So, some random tables or weekly skill checks to see how much money a player gain during downtime isn’t a bad idea. It adds to verisimilitude, and may give more usefulness to some tool’s proficiency. But it shouldn’t not involve more than a single decision (what do I do this week?), a single die roll and few minutes of table time at the end of a session.

      • If you stretch your interpretation of RAW, you could argue that if a downtime activity says “you earn enough to support a wealthy lifestyle”, it doesn’t necessarily mean you have to live at that lifestyle, and you could keep the difference as profit.

        I’m pretty sure the intent is that you cannot turn a profit from downtime, and that lifestyle upgrades are a decent alternative, but if you want to allow it anyway I could see it working.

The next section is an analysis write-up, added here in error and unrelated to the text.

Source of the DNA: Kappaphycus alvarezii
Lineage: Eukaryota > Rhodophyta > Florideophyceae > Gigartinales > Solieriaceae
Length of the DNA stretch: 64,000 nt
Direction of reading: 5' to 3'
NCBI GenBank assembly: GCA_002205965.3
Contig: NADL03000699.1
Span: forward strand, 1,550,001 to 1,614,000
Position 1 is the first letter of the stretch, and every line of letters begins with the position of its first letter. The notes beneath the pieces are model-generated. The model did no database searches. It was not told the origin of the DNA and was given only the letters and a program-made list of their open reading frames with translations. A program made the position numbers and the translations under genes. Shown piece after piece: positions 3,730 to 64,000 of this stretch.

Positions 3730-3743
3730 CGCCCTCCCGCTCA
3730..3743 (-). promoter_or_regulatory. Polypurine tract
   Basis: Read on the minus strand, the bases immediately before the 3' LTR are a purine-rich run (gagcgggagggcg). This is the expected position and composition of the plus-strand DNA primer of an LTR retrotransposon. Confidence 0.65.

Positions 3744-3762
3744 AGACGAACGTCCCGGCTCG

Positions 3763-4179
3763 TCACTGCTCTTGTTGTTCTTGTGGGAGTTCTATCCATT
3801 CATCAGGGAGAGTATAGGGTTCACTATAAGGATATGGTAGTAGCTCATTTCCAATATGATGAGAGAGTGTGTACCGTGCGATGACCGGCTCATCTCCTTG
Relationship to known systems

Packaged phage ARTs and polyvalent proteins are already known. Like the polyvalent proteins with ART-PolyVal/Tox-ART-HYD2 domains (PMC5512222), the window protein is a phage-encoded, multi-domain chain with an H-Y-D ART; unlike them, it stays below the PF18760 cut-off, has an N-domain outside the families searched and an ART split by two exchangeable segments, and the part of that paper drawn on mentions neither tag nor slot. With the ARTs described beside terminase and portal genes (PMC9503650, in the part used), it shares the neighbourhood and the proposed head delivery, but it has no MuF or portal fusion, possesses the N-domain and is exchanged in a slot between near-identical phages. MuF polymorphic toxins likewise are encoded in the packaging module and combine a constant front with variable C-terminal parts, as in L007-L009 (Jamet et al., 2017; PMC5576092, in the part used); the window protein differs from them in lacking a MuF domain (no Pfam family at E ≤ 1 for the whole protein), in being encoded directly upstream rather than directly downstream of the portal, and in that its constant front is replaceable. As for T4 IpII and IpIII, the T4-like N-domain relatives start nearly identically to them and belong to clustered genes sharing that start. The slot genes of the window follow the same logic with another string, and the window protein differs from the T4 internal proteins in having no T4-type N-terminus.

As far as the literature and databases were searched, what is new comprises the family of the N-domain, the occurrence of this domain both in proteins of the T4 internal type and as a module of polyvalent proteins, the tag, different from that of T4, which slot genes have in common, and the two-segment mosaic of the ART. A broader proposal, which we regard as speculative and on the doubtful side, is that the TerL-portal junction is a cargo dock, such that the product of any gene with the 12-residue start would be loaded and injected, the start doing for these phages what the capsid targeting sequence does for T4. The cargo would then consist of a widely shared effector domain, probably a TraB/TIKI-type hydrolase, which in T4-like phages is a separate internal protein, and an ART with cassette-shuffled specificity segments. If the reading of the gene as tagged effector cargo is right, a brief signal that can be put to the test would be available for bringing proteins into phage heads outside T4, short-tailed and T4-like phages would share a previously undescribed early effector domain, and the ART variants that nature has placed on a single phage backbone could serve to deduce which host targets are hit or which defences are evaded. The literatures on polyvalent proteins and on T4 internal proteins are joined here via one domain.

You would need to solve the issue of time being meaningless first, although you really need to solve that issue before using downtime anyway, since there’s already a downtime option to gain unlimited tool and language proficiencies.

        • Isn’t the natural limit to downtime being that adventure is happening NOW though?

          “Help us, heroes! The village children are all disappearing!”

          “But I only need 1 more week to learn lockpicking! Come back then?”

          1 week later, the village is burnt down by demon-possessed children.

          The GM decides when adventures happen. If players ignore the adventure, then the adventure is a failure & things get worse.